When I had gone that far in my quest for deliverance from the carnal nature and the
purification of my heart, God blessed me with one of the greatest blessings I had ever had up to that time. Let me inject right here that with every move a soul makes toward God, He (God) will bless that soul for it. How quick the wonderful Spirit of God is to bless and encourage an honest, seeking heart. However, I was not seeking a blessing, but a pure heart. The devil would like to have stopped me right there and had me prematurely claim deliverance from the sin nature.
I called an evangelist who came immediately to begin revival services in my church and I
became a seeker at my own altar. How long did I seek? The time element is not the significant thing — I sought until the faithful Holy Spirit led me to the end of myself; until I saw and confessed the depth of my own carnal heart. Behind jealousy, anger, carnal ambition, etc. — behind all these so apparent carnal traits and from which they flowed was “carnal self.” I was all wrapped up in self — I, me, mine! It took a divine revelation to reveal my “carnal self” to me. It was the first time in all my seeking over the past years that I tarried long enough to allow the Holy Spirit to probe to the bottom of my proud, carnal heart and help me to see and thoroughly confess what my heart was really like.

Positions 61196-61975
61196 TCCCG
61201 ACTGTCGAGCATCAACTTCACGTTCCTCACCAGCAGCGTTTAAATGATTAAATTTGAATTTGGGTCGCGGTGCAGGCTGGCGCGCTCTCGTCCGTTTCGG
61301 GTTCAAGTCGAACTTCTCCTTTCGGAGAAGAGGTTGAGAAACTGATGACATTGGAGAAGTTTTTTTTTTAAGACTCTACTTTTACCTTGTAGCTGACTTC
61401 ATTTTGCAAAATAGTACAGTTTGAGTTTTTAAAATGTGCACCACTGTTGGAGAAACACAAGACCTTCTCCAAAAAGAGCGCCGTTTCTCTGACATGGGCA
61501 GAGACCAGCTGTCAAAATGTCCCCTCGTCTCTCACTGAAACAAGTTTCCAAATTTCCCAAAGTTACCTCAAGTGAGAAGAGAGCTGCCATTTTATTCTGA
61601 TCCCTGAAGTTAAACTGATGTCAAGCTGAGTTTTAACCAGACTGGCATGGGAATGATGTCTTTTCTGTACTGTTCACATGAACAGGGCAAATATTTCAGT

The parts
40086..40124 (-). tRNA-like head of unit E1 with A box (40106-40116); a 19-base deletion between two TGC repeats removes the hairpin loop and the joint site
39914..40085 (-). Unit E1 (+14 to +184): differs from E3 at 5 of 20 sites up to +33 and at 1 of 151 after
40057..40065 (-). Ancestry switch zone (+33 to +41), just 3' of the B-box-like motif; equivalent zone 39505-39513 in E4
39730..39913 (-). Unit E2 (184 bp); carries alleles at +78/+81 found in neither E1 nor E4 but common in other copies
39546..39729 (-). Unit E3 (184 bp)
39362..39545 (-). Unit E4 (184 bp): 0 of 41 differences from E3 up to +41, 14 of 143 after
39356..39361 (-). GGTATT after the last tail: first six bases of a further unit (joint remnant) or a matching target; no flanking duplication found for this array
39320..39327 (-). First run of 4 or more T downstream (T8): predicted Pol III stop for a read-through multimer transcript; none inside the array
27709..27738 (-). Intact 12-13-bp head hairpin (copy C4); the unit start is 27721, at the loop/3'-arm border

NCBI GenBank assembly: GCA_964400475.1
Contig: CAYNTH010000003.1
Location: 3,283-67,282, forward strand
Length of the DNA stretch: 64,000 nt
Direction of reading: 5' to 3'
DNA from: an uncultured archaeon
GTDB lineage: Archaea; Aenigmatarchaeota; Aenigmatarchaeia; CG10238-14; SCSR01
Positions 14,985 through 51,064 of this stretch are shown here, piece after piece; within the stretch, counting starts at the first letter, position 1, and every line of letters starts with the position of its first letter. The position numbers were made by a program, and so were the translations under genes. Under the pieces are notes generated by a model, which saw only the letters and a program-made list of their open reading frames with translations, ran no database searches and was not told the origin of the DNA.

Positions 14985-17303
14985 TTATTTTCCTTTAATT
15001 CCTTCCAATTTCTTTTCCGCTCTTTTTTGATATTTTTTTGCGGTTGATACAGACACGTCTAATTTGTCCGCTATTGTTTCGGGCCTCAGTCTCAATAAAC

Self held center stage — not God and His glory! I was aware of the moment I had reached
the end of confessing carnal self. I had a witness within myself of that fact, and just as suddenly my faith claimed the blessing and then the Spirit Himself sealed with His witness that my heart was cleansed. God had given me a promise to cling to (Heb. 4:9, “There remaineth therefore a rest to the people of God.”). My heart had been so restless through those years of struggle! But at last I
was able by simple faith to enter into that rest through the merits of the blood of Christ that was shed on Calvary’s cross.
Charles Wesley wrote about that rest in the second verse of that familiar song, “Love
Breathe, oh, breathe Thy loving Spirit Into ev’ry troubled breast! Let us all in Thee inherit, Let us find that second rest.
Take away our bent to sinning; Alpha and Omega be; End of faith, as its beginning Set our hearts at liberty.
Source: “Man’s Ascent To God” by I. Parker Maxey
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HOW THEY ENTERED CANAAN (A Collection of Holiness Experience Accounts) Compiled by Duane V. Maxey
Vol. I — Named Accounts